Earlier today, Tyler Cowen had a post titled "Why are there so few computer science majors?", which was prompted by this Dan Wang post on the subject. Among other things, Tyler wonders if there are relatively few computer science majors simply because the tech sector is actually pretty small. Since I was already working with economic data today for another project, I thought it was worth taking a quick look to find out just how big the tech sector really is.
Using data on industry real gross value add (the industry equivalent of GDP) and employment from Moody's, I took a look at the size of the information technology sector—which includes computer hardware, software, services, and Internet, ignoring other high-technology industries such as biotech, medical devices, and aerospace (details on industry definitions are here)—between 1980 and 2015 for the United States. I also took at look the variation across metropolitan areas.
The information technology sector accounted for about 0.8 percent of output and 2.8 percent of employment in 1980, but growth in the two series changed dramatically after 1995 when industry output began a sharp upward rise while employment held relatively flat. By 2015, the tech sector had grown to 5.2 percent of total GDP and 2.7 percent of total employment.
With explosive growth in output and flat employment growth, then, productivity in the information technology sector surged during this period. Real gross value added per employee, a somewhat crude measure of labor productivity, grew 834 percent in the information technology sector over this 35-year period, for a compound annual growth rate of 6.6 percent. Compare that with the rest of the economy, where these same figures were 37 percent and 0.9 percent. In other words, the tech sector had a compounded annual productivity growth rate more than seven times the rest of the economy! The tech sector lifted-up total labor productivity growth by 6 percentage points over these period, or about 0.1 percentage point each year on a compounded basis.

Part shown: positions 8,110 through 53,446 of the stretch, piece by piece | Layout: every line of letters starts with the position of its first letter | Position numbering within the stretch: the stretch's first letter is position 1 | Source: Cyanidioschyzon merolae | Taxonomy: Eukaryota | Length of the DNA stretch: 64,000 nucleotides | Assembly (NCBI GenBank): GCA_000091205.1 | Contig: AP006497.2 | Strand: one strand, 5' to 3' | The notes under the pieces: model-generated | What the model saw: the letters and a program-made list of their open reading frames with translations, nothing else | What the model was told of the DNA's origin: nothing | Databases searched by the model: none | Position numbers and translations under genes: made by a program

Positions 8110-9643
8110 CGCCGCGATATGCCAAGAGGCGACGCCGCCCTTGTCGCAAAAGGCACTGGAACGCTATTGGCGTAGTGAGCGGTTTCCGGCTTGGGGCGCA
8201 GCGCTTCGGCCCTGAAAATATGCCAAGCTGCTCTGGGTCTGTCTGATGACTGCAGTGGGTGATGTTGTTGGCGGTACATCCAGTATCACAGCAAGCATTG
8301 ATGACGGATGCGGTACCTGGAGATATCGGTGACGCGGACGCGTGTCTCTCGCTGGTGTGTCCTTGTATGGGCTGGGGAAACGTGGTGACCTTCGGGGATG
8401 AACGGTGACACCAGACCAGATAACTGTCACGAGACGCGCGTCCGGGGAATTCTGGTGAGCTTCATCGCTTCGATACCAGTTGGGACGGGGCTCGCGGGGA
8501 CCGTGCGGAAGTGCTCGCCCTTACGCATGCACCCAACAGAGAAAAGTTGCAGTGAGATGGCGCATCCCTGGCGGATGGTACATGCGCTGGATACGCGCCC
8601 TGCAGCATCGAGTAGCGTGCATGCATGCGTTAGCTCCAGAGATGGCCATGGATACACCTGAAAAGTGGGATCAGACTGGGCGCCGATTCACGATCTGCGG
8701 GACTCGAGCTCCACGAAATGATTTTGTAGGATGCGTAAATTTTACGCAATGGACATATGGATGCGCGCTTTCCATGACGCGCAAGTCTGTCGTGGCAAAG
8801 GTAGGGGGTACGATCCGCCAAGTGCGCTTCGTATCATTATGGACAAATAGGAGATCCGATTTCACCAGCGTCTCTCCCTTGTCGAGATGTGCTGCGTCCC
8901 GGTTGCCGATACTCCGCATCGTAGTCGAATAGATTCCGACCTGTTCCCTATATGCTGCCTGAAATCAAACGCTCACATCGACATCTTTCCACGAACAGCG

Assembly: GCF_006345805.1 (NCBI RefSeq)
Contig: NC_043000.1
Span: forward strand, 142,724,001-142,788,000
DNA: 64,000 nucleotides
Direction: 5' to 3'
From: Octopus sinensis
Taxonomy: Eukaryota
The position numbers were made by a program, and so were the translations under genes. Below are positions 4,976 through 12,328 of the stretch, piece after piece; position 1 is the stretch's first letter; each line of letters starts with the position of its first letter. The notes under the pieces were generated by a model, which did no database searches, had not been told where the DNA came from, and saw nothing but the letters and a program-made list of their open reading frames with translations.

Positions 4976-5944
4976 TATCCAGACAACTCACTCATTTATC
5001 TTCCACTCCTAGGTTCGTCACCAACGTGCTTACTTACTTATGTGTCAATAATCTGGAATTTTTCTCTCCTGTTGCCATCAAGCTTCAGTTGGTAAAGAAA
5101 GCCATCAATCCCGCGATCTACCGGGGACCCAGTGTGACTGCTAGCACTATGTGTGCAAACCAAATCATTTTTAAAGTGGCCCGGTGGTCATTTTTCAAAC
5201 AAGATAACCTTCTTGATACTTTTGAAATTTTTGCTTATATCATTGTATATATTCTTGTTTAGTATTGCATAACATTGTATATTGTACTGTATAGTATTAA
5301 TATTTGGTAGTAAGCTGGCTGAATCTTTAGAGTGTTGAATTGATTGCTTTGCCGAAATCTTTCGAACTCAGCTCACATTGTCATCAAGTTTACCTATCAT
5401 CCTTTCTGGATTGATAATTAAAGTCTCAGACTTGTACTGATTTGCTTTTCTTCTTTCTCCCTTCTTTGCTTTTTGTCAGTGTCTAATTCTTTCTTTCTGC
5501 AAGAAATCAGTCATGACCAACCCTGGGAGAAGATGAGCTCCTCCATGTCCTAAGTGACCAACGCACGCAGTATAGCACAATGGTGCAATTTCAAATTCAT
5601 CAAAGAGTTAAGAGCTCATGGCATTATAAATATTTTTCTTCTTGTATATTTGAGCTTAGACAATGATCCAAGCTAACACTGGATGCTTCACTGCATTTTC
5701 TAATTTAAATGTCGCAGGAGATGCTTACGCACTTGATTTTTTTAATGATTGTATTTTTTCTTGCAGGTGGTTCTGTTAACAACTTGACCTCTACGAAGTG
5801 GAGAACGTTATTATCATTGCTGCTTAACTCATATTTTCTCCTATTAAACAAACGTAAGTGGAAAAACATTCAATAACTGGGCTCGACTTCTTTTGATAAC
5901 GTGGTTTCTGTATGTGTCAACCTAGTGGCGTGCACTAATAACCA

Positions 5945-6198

So while the information technology sector may be relatively small in size, what matters more is that it is an engine for broad-based economic growth. Enrico Moretti of Berkeley established an approach for estimating "local jobs multipliers." In his paper, and later in his book The New Geography of Jobs (highly recommended by the way), Moretti demonstrates that for each job created in the tech sector, 4.9 additional jobs are created in the local services economy over the long run—this includes low-skilled work like taxi drivers, barbers, and cooks, as well as high-skilled roles like doctors, lawyers, and teachers. In my own work, I found similar results in the United States during an extended time period and with a broader definition of the tech sector than Moretti used, and also when applying his methodology across regions of 27 European countries (in both cases, the multiplier was 4.3 jobs). In all cases, the local multiplier for manufacturing was about one-third what it was for high-tech.
If many of these stimulative effects are captured at the local level, in which cities does the tech sector have high concentrations? In each of the 52 metropolitan or micropolitan areas listed below, the tech sector share of GVA was greater than the U.S. average of 5.2 percent in 2015.
In many of these places, the tech sector's contribution to economic output surpasses its contribution to local employment by a long shot. In Silicon Valley-San Jose, the employment share is slightly more than half of the output share, while in Corvalis, Oregon (home to Oregon State University) it's about one-eighth, and Seattle it's about one-third.
And that's the point. Sizing the information technology sector by employment alone is limiting. A better measure would be its contribution to output and productivity growth, and the resultant multiplier effects it has on other sectors—not to mention the productivity impacts that the goods and services produced by the tech sector have on the performance of industries across the economy, which are sizable, and the employment of workers in tech occupations in non-tech industries (such as quantitative analysts in finance or systems administrators in hospitals—I estimate these roles to be equal about 50 percent of employment in the information technology sector).
So, is Tyler right to say that the tech sector is relatively small? Yes, at 5.2 percent of economic output and 2.7 percent of employment, that is a fair assessment. But, the sector has a much bigger impact on the economy than those numbers would suggest. Tyler wasn't making that point in his post—in fact, his post was about something else—but I wanted to take a few moments here to put some firmer numbers behind that, and to remind readers, that in terms of contribution to economic vitality, not all jobs are the same.